Bill English usually plays Batman to John Key's Robin when the pair take to the road each year to sell the Government's Budget.
Key tends to have a bit of sport at English's expense, which the latter returns through dryly undermining his boss' ebullience at the functions they separately front in different parts of the country.
But it's notable that this year both the Prime Minister and his Finance Minister were singing from the same song sheet as they calmly promoted their "prudent Budget" to the business leaders whose confidence they must retain to get the economy back on an upswing.
Key and English used virtually the same words as they told business audiences in Auckland and Christchurch that they had delivered a "very sensible Budget in very volatile times".
What's driving this rather staid approach is the need for them to get across the message that the Government will be "locked in prudence mode" for years to come.
Major trading partners like China and Australia remain relatively upbeat; but Europe is a dog and the United States is not in for a major burst of irrational exuberance any time soon.
Battening down the hatches for a fourth year is a difficult message to sell.
The problem is most New Zealanders have become so conditioned to cyclical consumption-led growth spurts (fuelled by debt) that we've forgotten what it's like to be locked into a "steady as she goes phase" for year on year - if not a decade or so.
It's human nature to want to break out after years of prudence.
Last year's Rugby World Cup provided a vital break in the down cycle.
But there is no sign that Gordon Gekko will be making his way down to our part of the woods any time soon.
Hence the painstaking approach that Key and English are adopting to ensure the message sinks in that regular crises will be part of the international environment for years to come.
In Auckland the major takeout from Key's post-Budget addresses is that the Government must get back into surplus by 2014/2015 so it can start paying down the additional $60 billion of debt it will have stacked up by then to support New Zealanders through the tough economic times.
"In the end you've got to pay the piper", is how Key put it.
Doing otherwise would simply set the nation down Greece's road.
In his sanguine fashion, English admitted getting back into surplus wasn't the be-all and end-all. "But when you've got grumpy lenders they need to know that they'll get their money back."
New Zealand needed to be "whiter than white" in debt markets because it is one of the most indebted countries in the world. But it also had to gear up to leverage the Asian growth story.
Key did not take questions at the Auckland function. But the general mood was optimistic.
Some business people later said they would like to see a step up in ambition. But there appeared to be a general consensus that the Government had done a reasonable job in difficult times.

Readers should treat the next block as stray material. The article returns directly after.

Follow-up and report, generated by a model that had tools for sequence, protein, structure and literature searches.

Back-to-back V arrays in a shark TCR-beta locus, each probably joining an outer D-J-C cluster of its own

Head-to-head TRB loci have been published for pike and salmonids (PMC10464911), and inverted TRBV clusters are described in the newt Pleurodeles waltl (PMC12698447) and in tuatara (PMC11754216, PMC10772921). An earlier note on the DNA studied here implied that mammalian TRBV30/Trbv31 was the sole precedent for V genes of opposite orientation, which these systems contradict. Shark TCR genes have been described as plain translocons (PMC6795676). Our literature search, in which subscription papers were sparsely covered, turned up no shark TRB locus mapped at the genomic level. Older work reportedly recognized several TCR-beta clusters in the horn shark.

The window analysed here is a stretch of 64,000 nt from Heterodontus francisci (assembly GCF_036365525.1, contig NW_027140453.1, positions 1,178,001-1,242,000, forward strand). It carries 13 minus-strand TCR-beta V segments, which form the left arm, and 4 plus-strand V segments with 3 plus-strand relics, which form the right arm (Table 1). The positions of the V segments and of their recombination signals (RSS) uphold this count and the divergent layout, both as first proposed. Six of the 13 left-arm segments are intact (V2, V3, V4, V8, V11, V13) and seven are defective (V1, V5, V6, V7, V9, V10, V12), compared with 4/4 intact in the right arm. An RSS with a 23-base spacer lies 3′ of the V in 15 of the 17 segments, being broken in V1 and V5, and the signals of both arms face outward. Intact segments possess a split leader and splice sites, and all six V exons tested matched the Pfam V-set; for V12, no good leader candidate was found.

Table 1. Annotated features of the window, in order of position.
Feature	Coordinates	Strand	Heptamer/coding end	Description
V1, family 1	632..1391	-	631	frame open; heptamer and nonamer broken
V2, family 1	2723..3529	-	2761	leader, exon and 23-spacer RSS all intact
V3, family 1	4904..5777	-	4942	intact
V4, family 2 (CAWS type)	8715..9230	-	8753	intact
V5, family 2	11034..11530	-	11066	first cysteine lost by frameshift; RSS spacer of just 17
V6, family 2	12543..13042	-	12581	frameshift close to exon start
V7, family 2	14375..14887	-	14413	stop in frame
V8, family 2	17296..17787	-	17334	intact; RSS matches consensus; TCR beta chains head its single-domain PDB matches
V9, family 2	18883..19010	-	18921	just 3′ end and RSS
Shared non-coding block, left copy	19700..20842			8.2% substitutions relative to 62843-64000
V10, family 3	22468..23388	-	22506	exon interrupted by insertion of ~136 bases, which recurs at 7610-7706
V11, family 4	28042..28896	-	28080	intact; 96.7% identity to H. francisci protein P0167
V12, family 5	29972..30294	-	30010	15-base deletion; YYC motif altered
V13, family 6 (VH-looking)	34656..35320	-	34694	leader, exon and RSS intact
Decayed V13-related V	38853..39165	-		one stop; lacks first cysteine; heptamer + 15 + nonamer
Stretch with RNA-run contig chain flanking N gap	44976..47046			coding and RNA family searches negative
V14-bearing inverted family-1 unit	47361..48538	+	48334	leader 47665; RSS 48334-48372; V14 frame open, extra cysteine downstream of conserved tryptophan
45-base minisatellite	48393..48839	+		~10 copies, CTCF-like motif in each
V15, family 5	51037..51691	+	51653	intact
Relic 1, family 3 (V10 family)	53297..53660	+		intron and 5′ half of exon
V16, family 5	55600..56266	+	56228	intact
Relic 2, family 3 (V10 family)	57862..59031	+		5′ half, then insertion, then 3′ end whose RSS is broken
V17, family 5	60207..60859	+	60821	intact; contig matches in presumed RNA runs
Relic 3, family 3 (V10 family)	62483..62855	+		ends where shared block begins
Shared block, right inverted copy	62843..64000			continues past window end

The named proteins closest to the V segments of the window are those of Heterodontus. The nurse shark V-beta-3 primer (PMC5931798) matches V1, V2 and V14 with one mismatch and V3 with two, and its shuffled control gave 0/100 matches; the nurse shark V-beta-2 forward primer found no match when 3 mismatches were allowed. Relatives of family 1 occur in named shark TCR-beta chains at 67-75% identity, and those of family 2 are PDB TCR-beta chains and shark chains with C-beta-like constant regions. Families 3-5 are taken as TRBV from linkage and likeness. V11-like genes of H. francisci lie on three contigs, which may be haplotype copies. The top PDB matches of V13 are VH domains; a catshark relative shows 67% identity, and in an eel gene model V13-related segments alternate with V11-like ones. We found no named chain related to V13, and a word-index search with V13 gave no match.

Both Key and English will be chuffed that credit rating agency Standard and Poor's applauded the Budget as the "latest incremental step toward consolidating the Government's fiscal settings after four years of deficits" thanks to the recession and impact of the Canterbury earthquakes.
But it's also right to ask whether those "incremental" steps could or should be a lot larger.
At issue is whether the 2010 tax switch is in fact proving to be "revenue neutral".
Tax-cutters would have you believe that slashing personal income rates spurs more consumption and hence more economic growth. But many Kiwis appear to have simply banked their "cuts" and used them to pay down personal debt. English may not want to turn the microscope inwards. But surely Treasury should be probing whether the personal tax cuts will ultimately become revenue neutral - as promoted in the 2010 Budget - or whether they have led to sustained revenue leakage.
The Treasury could also usefully address the impact of axing Working for Families and mounting a campaign to persuade employers to pay higher wages and salaries instead. Businesses would squeal.
But removing this effective Government subsidy to business might do more to spur productivity improvements than other mechanisms.
This is probably a step too far for a Government which is solidly in nurse mode. But businesses do need to step up if the economy is to rebound.
English proved again that he does not like being challenged on the growth story.
His line is that considered and consistent sound decisions year after year is the way to achieve growth.
"It doesn't just come out of the sky."
Key and English have underlined confidence in the New Zealand economy.
But their next sales effort should be to build a new New Zealand story and sell that overseas to persuade Kiwis in downbeat parts of the world to come back and invest in this country's future.